The scoreboard had Oregon up by 2 points at the half, but it felt as though Michigan, the underdog, was about to overwhelm the Ducks. Michigan's point guard, Derrick Walton (6'1''-G-95) Jr., a senior, had deftly amassed seven assists, looking for all the world like a quarterback finding receivers like Duncan Robinson (6'8''-G/F-94) and Muhammad-Ali Abdur-Rahkman through thickets of defenders. D. J. Wilson, a junior with a tall haircut and short shorts, had hit two 3-pointers and contributed a block and a steal in just seven minutes of play, his time limited by foul trouble. But Michigan's seemingly impending surge never materialized, as third-seeded Oregon, playing one of the country's most 3-point-happy teams, began to take more aim from deep and hit 3-pointers. And hit them and hit them and hit them. Five from sophomore Tyler Dorsey (6'4''-SG-96), two from junior Dillon Brooks (6'6''-F-96) - all in the second half. The Ducks, which entered making fewer than one-third of their shots from deep, made 47.1 percent (8-for-17) for the game. But Dorsey's most crucial shot came not from beyond the 3-point line, but on an acrobatic drive to the basket that put the Ducks ahead by a point with 1 minute 9 seconds remaining. Those proved to be the final points in a 69-68 victory for Oregon (32-5) over seventh-seeded Michigan (26-12), sending the Ducks to the round of eight on Saturday to play the winner of the later game Thursday night, between No. 1 Kansas and No. 4 Purdue. The Ducks were led by Dorsey and the junior Jordan Bell (6'9''-F-95). Dorsey had 20 points; Bell had a double-double, with 16 points and 13 rebounds - including, on the possession before Dorsey's lay-in, a crucial board on a missed Oregon free throw that he put back to cut Michigan's lead to 1 point. Michigan's Walton finished with 20 points and 8 assists, and his fellow senior guard Zak Irvin (6'6''-G/F-94) had 19 points and 8 rebounds. Moritz Wagner, a 6-foot-10 sophomore from Berlin, who goes by Moe, was Michigan's leading scorer in the last game, an upset of second-seeded Louisville, but on Thursday he appeared physically overwhelmed in the low post and hapless elsewhere, at one point botching a clear layup after Oregon gave him the lane. He finished with 7 points on 10 shots and barely saw the court in the second half. When Brooks hit a 3 with a little more than 13 minutes left in the game, Oregon led by 50-44 and looked in control. But the Ducks let the Wolverines back in it, missing their next five field goals and going scoreless for more than three minutes. Wilson played terrific defense on Bell, forcing him into a miss one-on-one in the post and then grabbing the rebound. Michigan took a 51-50 lead with Walton sitting for the first time in the game. Then Oregon fought back and built a 56-51 lead, with Tyler Ennis (6'2''-G-94, college: Syracuse) contributing a 3-point play. Wilson brilliantly faked his defender with the ball down low, only to miss the layup. Later, Wilson found Irvin underneath in a Walton-like assist to cut Oregon's lead to three. The game continued to seesaw between 3- and 5-point Oregon leads until Wilson hit a 3 to cut Oregon's lead to 60-58 with less than five minutes left. On Michigan's next possession, Walton dribbled at the top of the key, and Oregon's defense dropped back, giving him room to hit his own 3-pointer for a 61-60 lead for the Wolverines with 4:15 remaining. The lead was short-lived: Another Oregon 3-pointer was in store, from Dorsey. On the other end? A 3 from Irvin. With fewer than two minutes left and the shot clock dribbling, Walton took it upon himself again, creating a fadeaway shot that seemed to take an eternity to decide whether to go through the hoop or not. It finally decided in the affirmative, making the score 68-65 - Michigan's largest lead since the first half. Bell grabbed a missed Oregon free throw and put it in to make it a one-point Wolverines lead. This was followed by Dorsey's athletic drive to make it 69-68 Oregon with one minute remaining. Walton had one last chance to go ahead, but his attempt at a buzzer-beating 3-pointer was short. Though a major-conference champion with a famous football team, Michigan might have been the closest thing to a Cinderella story among the 16 teams that entered the N.C.A.A. men's basketball tournament's second weekend. Fledgling through the end of the season, its plane bound for the Big Ten tournament skidded off the runway, spooking the team and causing light injuries. The Wolverines proceeded to tear through that tournament, winning it all. Ranked as high as fourth overall in the Associated Press poll this season, Oregon lost its top shot-blocker, senior Chris Boucher, to a season-ending knee injury in the Pacific-12 tournament. The Ducks now look to make just their second Final Four in program history - and their first since 1939, the very first Final Four of them all. Courtesy of: nytimes.com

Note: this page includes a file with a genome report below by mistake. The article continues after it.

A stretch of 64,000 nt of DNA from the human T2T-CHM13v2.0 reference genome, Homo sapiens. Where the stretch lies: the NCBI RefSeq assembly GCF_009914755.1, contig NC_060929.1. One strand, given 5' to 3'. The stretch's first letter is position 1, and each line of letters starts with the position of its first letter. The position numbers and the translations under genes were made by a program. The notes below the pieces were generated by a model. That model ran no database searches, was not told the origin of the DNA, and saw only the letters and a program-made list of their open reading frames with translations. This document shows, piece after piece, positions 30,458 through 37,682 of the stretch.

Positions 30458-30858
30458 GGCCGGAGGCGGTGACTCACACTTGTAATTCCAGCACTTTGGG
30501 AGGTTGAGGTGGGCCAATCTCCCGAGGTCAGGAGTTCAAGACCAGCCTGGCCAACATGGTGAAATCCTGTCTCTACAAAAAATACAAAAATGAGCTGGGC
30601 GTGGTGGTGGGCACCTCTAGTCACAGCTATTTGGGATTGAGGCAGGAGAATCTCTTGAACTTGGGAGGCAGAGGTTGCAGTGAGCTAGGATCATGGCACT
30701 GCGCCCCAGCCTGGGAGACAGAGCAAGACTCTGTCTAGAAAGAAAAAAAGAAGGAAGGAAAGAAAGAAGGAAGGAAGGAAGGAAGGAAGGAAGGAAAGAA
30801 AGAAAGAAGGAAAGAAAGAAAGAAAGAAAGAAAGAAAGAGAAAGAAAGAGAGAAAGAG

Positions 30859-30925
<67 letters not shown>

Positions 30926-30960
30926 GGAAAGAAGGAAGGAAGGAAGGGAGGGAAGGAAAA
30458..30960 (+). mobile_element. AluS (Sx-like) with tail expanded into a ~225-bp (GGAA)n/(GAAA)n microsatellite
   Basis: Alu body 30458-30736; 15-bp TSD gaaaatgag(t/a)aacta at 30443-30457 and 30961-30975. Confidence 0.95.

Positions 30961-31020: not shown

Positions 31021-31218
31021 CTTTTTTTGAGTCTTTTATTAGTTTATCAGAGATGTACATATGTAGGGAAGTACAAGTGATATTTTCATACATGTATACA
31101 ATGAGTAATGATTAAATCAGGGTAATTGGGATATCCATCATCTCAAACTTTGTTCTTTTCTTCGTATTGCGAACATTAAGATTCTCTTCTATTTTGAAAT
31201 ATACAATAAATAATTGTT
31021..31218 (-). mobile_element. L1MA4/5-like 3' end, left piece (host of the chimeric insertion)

Copyright (c) 1998-2017 Eurobasket Inc. Disclaimer
Do not copy, redistribute, publish or otherwise exploit information that you download from the site !
Do not encumber, license, modify, publish, sell, transfer or transmit, or in any way exploit, any of the
content of the site, nor will you attempt to do so.